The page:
AGRICULTURAL WATER MANAGEMENT FOR COASTAL PLAIN SOILS


Prepared by:
Robert Evans, Extension Specialist
and
Wayne Skaggs,William Neal Reynolds Professor
Department of Biological and Agricultural Engineering


Published by: North Carolina Cooperative Extension Service

Publication Number: AG 355

Last Electronic Revision: June 1996 (KNS)


Introduction

North Carolina has historically been blessed with an adequate source of good quality water to supply all of its water demands for industry, agriculture and domestic and recreational users. However, if consumption continues to increase at its present rate, water shortages will become prevalent in the near future. Water use in some areas is already approaching critical limits, and shortages in other areas are likely to follow.

The best solution to this increasing demand involves developing management strategies to conserve and use the existing water resources more efficiently. These management strategies can also have a pronounced effect on water quality. Thus, all management decisions should consider strategies that maintain or improve water quality. However, the best management strategies are often geo- graphically sensitive: what might work in one region might not work in another. Each management strategy, therefore, should be selected based on minimizing the specific local problems.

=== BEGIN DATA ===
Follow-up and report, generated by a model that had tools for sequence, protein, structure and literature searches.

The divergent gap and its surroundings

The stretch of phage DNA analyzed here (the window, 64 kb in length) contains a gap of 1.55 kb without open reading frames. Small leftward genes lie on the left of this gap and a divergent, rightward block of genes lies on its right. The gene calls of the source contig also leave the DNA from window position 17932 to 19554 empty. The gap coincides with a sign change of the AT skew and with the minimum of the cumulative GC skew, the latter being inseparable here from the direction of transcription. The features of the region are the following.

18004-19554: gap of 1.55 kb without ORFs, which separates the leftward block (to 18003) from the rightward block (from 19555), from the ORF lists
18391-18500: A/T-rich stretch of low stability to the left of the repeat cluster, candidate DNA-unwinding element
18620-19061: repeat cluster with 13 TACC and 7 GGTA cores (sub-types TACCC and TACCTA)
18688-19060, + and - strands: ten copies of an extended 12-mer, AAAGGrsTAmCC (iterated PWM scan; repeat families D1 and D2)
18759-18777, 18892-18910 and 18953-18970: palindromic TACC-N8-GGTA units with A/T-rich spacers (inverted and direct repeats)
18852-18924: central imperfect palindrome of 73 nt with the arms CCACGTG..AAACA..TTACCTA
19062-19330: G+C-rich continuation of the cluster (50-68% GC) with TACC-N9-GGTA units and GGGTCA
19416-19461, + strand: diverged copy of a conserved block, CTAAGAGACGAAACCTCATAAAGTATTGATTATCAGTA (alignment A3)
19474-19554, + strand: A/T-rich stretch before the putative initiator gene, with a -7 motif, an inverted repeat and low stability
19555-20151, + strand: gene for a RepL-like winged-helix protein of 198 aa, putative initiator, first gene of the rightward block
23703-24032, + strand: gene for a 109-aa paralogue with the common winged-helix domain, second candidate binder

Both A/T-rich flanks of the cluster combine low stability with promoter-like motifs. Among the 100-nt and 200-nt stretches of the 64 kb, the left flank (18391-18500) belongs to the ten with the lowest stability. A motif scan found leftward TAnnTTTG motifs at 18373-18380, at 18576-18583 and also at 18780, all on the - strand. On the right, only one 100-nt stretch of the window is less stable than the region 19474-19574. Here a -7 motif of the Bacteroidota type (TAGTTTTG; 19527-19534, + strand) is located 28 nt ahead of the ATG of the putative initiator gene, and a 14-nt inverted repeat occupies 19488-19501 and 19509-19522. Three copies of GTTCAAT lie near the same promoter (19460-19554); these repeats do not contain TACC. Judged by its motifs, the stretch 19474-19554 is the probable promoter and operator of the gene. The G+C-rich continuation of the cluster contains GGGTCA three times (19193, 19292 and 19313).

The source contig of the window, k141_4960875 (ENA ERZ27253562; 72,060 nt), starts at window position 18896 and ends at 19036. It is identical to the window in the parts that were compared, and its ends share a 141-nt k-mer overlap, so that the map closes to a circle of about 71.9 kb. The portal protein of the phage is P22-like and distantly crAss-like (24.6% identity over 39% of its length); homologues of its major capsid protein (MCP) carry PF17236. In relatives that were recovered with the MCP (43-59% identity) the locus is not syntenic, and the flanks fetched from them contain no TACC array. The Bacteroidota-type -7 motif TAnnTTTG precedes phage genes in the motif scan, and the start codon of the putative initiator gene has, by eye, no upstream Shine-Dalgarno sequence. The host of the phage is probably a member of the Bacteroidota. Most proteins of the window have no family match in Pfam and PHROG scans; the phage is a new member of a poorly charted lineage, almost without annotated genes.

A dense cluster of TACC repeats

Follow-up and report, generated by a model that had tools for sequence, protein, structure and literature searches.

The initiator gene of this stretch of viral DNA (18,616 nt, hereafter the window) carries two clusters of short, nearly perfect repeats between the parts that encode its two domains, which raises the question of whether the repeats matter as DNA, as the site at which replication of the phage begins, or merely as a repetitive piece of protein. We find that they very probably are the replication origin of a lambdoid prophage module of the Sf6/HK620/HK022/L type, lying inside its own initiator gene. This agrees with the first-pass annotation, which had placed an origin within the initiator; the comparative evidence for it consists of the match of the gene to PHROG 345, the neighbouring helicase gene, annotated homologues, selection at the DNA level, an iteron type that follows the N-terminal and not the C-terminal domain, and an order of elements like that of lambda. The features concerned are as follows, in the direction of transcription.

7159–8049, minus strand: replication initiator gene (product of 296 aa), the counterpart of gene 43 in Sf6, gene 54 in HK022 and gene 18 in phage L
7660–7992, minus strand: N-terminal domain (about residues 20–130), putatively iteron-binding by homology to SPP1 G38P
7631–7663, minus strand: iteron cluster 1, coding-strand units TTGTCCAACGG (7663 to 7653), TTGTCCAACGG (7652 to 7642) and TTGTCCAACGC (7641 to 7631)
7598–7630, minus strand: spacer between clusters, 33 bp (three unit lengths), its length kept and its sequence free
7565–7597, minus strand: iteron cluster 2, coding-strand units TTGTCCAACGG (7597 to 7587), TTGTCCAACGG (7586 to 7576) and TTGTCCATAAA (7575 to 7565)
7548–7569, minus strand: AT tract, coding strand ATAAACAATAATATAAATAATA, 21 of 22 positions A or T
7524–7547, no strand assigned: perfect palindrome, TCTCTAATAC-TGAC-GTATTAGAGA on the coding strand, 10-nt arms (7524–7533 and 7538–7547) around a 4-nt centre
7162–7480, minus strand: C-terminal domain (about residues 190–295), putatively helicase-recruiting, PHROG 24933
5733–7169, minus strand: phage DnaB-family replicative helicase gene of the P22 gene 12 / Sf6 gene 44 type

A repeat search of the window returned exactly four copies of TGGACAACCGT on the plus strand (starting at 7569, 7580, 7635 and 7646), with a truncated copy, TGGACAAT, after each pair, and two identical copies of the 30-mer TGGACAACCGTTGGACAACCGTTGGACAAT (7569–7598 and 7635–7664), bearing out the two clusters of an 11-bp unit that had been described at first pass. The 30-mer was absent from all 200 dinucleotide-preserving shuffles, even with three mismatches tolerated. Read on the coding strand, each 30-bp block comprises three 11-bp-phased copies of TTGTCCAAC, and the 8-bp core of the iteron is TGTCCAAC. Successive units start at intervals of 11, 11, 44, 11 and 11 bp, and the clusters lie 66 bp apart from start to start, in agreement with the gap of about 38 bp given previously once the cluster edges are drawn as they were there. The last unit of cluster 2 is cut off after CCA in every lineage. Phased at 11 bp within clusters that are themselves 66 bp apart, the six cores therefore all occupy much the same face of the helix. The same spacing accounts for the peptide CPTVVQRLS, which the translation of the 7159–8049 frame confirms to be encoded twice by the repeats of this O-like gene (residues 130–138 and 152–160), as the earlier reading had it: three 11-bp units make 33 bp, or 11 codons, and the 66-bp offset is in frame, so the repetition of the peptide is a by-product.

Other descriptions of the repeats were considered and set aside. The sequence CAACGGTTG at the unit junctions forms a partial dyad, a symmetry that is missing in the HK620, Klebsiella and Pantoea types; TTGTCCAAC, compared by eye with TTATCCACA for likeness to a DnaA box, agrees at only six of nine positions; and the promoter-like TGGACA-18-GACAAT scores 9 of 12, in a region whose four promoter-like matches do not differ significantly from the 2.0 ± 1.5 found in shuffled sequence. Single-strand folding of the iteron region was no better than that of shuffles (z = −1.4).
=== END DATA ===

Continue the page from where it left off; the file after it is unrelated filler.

How Water Stress Impacts Crop Production

Soil water, either too much and/or too little, is recognized as the single most limiting factor for crop production in both North Carolina and much of the southeastern United States. This is especially true in the Coastal Plain and Tidewater regions where both excessive and deficient soil-water conditions frequently are found in the same field.

These soil-water conditions cause problems for crops grown on about 2.3 million acres of poorly drained soils in North Carolina, soils that make up about 40 percent of the state's total cropland. Yield reductions of more than 50 percent may develop from stress caused by excessive soil-water conditions on these poorly drained soils. This may result either (1) from the inability to plant and tend the crop at the right time due to poor trafficability or (2) from direct damage to the crop when water stands too long in the field. Excess water may also cause nutrient deficienies due to eventual leaching or denitrification.

On the average, the Coastal Plain of North Carolina receives more than 48 inches of rainfall each year. Since only 36 inches of water are needed to satisfy potential evapotranspiration, this means that there are more than 12 inches of excess rainfall annually. Yet, droughts ranging from a few days up to several weeks occur in most years during June, July and August. Because this is when many crops are most susceptible to deficit soil water, yield reductions take place often. In fact, droughts have produced almost total crop failures in some years even on poorly drained soils. Drought reduces average corn yields by 20 to 30 percent on these traditionally "wet" soils.